The father of a teenage boy allegedly given female estrogen pills for a behavioral disorder while in custody at a Los Angeles County juvenile hall alleges someone forged his signature on a medical consent form after the boy started suffering negative side effects from the treatment.
The father said his now 17-year-old son was given the female hormone estrogen without consent for oppositional defiant disorder (ODD), a condition where children display frequent patterns of anger and irritability against authority figures, while at the Central Juvenile Hall in summer 2019, the family claims in a lawsuit against Los Angeles County and other parties.
The discovery of the alleged forgery came up when NBC4 requested to see the consent form.
“That’s not my signature,” said the father, who is not being named because his son is a minor.
The family’s attorney, Wesley Ouchi, said the form was signed on the same day that county doctors stopped administering estrogen to the boy, not before the treatment was administered.
“It may imply that this informed consent form was forged by the county,” he said.
The LA County Department of Health Services, which oversees medical care of children in county custody, wouldn’t comment on the boy’s case, citing the pending litigation, but said in a previous statement that estrogen is not used to treat behavioral health issues.
When asked about the allegations from the parents that they did not sign a consent form for their son’s treatment, the department said “we are unable to comment in detail about these or any other unsubstantiated allegations.”
Neither the parents nor the attorney would say why the boy was in custody. But they said his case was resolved and he was released from custody in April.
The issue raises questions about consent for medical treatment and medications in county lockups.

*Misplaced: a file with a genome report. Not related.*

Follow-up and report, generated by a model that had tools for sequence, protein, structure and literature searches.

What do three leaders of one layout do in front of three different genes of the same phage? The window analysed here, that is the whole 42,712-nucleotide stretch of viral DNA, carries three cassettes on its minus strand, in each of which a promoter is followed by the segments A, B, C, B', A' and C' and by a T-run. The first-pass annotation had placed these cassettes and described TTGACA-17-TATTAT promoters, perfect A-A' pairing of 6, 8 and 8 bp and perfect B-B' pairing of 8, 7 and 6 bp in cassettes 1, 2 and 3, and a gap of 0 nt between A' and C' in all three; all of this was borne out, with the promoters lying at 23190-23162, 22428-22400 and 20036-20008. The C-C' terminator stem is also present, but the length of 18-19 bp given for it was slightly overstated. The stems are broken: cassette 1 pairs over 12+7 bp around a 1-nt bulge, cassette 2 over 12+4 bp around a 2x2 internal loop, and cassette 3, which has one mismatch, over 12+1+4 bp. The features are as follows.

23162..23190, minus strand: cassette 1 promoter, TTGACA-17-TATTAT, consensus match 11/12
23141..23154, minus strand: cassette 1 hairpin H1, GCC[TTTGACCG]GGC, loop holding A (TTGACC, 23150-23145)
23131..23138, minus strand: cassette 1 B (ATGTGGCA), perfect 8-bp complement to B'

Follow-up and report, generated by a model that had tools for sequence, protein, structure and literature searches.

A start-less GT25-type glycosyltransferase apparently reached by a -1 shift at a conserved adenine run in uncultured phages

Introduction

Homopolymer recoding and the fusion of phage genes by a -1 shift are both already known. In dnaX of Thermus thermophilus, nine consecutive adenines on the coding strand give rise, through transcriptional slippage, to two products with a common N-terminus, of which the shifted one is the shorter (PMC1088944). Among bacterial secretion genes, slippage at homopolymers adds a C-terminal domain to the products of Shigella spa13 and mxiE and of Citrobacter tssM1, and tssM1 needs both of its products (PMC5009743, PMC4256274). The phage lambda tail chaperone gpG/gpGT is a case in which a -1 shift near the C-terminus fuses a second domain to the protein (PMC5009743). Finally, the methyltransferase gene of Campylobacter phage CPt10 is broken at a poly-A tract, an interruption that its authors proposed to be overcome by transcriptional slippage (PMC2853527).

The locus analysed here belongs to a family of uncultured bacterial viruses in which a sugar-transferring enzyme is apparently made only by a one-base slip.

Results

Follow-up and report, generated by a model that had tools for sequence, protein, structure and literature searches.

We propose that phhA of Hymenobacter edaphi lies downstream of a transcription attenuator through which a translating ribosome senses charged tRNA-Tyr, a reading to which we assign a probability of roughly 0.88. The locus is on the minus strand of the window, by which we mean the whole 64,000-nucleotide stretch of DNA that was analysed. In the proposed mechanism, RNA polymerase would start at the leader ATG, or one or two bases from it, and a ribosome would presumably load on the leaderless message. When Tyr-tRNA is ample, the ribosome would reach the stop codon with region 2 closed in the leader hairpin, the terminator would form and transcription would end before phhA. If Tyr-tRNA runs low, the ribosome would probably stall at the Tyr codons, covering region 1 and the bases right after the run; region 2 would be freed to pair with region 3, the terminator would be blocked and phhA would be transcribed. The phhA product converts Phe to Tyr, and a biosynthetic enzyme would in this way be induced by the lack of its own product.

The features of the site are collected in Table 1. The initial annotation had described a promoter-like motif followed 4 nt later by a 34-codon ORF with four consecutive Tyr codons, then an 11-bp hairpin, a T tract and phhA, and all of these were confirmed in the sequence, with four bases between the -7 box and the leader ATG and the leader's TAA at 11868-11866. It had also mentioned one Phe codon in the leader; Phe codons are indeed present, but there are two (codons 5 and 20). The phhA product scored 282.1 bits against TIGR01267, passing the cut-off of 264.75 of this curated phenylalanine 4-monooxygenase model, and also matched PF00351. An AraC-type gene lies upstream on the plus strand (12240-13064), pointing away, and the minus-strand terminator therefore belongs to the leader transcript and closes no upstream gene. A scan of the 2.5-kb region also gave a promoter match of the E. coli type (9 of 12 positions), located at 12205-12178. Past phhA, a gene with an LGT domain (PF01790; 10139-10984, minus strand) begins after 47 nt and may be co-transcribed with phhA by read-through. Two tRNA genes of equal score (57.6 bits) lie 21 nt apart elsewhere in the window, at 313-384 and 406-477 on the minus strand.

Michael Nash, who served as presiding judge of the juvenile court in LA County for years and heads the county’s Office of Child Protection, said parental consent or a court authorization is needed to prescribe medication to youth in juvenile lockups.
Nash does not have direct knowledge of the family’s case, but he characterized using the medication without parental consent or without that directive from court as inappropriate. Nash, who also oversees a committee that reviews the use of psychotropic drugs, said that if estrogen was used to treat a behavioral condition it would fall under the category of psychotropic medications.
According to the committee’s most recent report in July, 46% of youth in juvenile halls were being administered psychotropic medications.
“The concern is that the medications are designed to be utilized for treatment purposes,” Nash said. “They’re not necessarily to be utilized just to control one’s behavior. We don’t want to turn kids into zombies.”
Dr. Ilan Shapiro, the medical director for Health Education and Wellness and a pediatrician for AltaMed, said using these types of hormones to treat ODD is not the first choice. He believes therapy is most important in treating ODD.
“Most of the times when a kid actually has ODD, oppositional defiant disorder, he’s asking for help,” said Shapiro, who is not involved in this boy’s case.
The lawsuit claims that the boy, then 16, was given the medication, but took it because he feared if he didn’t, he would face more severe punishment. The lawsuit alleges the medication caused him to develop an enlarging of his breast tissue and he suffered from symptoms of depression, anxiety, insomnia and headaches, among other problems after receiving the hormone.
The complaint says the boy was taken off the medication after suffering from negative side effects. The parents allege it was only then that they were informed that their son had been on any medication, and were told he was “accidentally” given estrogen.
An NBC4 investigation has highlighted several problems in recent years at the county’s juvenile lockups as violence has risen as the number of uses of pepper spray by probation officers has spiked and as staff members grapple with a rising mental health caseload.